Sex can be a difficult task for motionless dispersed organisms such as the yeast Saccharomyces cerevisiae. Albeit yeasts are known to mainly asexually reproduce in nature, they should rely on sex to generate new genetic assemblies. Recent studies on the worldwide S. cerevisiae wild biodiversity significantly broadened the yeast population genetics horizons. Nevertheless, indication on where the yeast sexual reproduction can occur is still lacking. Social insects, by vectoring and maintaining yeast cells in the wild and among different environments, guarantee a possible site for yeasts meeting and mating. S. cerevisiae strains isolated from the intestines of social insects show higher heterozygosis than any other wild and human-related isolate, indicating an occurred genome mixing of different yeast lineages. We provide experimental evidence that Saccharomyces sensu stricto strains co-habiting the intestines of social insects can face sexual reproduction, generating inter- and intra-specific hybrids. This indication, rising from the identification and whole-genome sequencing of S. cerevisiae X S. paradoxus and S. cerevisiae X S. bayanus hybrids isolated from the wild V. crabroguts, is mirrored by results obtained in in vitro conditions (Polistes spp. and Apis mellifera). The intestine of social insects is identified as the niche where Saccharomyces spp. can meet and mate, finally acting as yeasts mating nest and contributing in shaping the fungal evolutionary ecology

Stefanini, I.; Dapporto, L.; Bernà, L.; Polsinelli, M.; Turillazzi, S.; Cavalieri, D. (2013). Social insect intestines are mating nests for Saccharomyces cerevisiae. In: 5th Congress Italian Society for Evolutionary Biology, Trento, 28-31 August 2013: 12. url: http://eventi.fmach.it/evoluzione2013 handle: http://hdl.handle.net/10449/22349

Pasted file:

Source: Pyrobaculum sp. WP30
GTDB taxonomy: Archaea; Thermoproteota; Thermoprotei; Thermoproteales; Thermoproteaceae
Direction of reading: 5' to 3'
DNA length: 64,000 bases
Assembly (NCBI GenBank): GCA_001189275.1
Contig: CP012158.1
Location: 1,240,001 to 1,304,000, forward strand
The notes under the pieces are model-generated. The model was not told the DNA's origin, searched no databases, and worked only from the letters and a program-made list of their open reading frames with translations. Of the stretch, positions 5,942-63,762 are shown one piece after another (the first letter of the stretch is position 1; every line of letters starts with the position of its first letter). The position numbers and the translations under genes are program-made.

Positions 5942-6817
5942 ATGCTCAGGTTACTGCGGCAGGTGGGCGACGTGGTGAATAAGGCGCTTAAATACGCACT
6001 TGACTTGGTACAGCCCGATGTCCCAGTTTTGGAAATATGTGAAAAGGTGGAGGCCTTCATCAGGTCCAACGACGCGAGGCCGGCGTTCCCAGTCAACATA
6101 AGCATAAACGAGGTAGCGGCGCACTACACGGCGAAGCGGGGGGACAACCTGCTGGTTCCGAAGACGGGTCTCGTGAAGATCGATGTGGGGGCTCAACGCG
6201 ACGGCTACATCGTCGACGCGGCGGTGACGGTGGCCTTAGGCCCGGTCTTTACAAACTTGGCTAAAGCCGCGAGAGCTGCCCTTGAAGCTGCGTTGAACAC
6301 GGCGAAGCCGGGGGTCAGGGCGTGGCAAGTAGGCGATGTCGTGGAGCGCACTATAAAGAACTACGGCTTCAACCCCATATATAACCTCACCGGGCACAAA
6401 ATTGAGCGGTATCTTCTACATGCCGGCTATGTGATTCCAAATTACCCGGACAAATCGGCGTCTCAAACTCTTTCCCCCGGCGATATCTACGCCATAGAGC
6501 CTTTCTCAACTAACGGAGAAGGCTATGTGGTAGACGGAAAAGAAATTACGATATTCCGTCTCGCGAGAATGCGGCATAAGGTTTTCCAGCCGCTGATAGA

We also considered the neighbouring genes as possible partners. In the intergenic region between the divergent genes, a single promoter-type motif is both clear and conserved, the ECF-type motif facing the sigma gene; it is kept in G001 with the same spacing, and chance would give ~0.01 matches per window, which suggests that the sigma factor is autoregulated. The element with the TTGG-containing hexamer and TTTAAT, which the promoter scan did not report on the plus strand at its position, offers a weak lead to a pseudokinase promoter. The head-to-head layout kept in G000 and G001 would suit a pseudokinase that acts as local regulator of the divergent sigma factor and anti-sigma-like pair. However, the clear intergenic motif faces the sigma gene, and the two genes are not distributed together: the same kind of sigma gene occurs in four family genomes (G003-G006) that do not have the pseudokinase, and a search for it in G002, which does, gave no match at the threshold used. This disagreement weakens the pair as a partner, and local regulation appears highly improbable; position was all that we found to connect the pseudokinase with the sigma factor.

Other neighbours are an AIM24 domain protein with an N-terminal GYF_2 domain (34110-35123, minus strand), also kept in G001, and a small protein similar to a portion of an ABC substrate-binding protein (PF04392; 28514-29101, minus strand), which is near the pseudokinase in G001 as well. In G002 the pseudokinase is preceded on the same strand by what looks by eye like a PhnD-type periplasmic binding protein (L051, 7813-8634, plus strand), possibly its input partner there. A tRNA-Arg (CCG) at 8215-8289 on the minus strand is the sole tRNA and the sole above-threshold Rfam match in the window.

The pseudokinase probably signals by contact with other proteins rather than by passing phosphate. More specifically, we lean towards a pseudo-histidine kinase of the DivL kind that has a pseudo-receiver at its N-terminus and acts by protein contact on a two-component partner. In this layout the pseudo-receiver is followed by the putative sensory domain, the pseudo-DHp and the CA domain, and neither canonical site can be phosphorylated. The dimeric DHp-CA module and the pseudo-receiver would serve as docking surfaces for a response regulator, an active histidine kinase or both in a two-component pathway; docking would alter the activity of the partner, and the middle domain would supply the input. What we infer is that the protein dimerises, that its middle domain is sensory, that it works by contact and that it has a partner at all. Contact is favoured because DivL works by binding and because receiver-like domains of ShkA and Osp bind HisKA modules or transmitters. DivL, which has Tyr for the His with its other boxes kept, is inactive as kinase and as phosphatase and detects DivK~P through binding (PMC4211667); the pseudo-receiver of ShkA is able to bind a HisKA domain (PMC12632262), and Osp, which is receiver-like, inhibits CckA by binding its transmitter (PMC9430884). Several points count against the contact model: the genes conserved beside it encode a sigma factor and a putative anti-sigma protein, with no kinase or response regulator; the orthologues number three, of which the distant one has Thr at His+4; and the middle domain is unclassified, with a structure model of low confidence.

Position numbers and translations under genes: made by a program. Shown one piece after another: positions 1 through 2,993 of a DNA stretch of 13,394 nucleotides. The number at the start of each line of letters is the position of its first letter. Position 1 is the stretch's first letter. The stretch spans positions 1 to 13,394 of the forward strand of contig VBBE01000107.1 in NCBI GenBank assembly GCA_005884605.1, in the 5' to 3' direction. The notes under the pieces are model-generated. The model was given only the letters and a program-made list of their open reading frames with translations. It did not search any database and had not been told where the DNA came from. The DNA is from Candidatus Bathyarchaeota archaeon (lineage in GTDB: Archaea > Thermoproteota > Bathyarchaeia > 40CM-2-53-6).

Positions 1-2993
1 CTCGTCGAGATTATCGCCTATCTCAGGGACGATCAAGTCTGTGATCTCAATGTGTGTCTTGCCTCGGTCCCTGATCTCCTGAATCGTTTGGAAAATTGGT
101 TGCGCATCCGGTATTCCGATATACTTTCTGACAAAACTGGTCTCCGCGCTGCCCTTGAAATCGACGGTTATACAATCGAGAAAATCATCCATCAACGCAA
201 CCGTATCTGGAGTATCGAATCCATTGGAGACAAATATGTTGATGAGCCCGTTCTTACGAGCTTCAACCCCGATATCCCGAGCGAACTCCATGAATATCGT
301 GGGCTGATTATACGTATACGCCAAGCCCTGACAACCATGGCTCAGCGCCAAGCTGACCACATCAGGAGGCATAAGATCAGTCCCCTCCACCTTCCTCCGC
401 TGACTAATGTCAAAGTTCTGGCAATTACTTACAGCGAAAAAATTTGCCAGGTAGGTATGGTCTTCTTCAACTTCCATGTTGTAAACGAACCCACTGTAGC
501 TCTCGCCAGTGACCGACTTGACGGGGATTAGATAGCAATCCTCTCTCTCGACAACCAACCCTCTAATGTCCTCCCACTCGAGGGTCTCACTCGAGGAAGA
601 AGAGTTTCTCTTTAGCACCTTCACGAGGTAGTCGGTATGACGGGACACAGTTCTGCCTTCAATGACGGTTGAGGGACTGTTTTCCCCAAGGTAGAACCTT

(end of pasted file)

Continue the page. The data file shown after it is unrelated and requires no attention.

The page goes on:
Social insect intestines are mating nests for Saccharomyces cerevisiae

Stefanini, Irene;Cavalieri, Duccio
2013-01-01

Abstract

Sex can be a difficult task for motionless dispersed organisms such as the yeast Saccharomyces cerevisiae. Albeit yeasts are known to mainly asexually reproduce in nature, they should rely on sex to generate new genetic assemblies. Recent studies on the worldwide S. cerevisiae wild biodiversity significantly broadened the yeast population genetics horizons. Nevertheless, indication on where the yeast sexual reproduction can occur is still lacking. Social insects, by vectoring and maintaining yeast cells in the wild and among different environments, guarantee a possible site for yeasts meeting and mating. S. cerevisiae strains isolated from the intestines of social insects show higher heterozygosis than any other wild and human-related isolate, indicating an occurred genome mixing of different yeast lineages. We provide experimental evidence that Saccharomyces sensu stricto strains co-habiting the intestines of social insects can face sexual reproduction, generating inter- and intra-specific hybrids. This indication, rising from the identification and whole-genome sequencing of S. cerevisiae X S. paradoxus and S. cerevisiae X S. bayanus hybrids isolated from the wild V. crabroguts, is mirrored by results obtained in in vitro conditions (Polistes spp. and Apis mellifera). The intestine of social insects is identified as the niche where Saccharomyces spp. can meet and mate, finally acting as yeasts mating nest and contributing in shaping the fungal evolutionary ecology
Stefanini, I.; Dapporto, L.; Bernà, L.; Polsinelli, M.; Turillazzi, S.; Cavalieri, D. (2013). Social insect intestines are mating nests for Saccharomyces cerevisiae. In: 5th Congress Italian Society for Evolutionary Biology, Trento, 28-31 August 2013: 12. url: http://eventi.fmach.it/evoluzione2013 handle: http://hdl.handle.net/10449/22349
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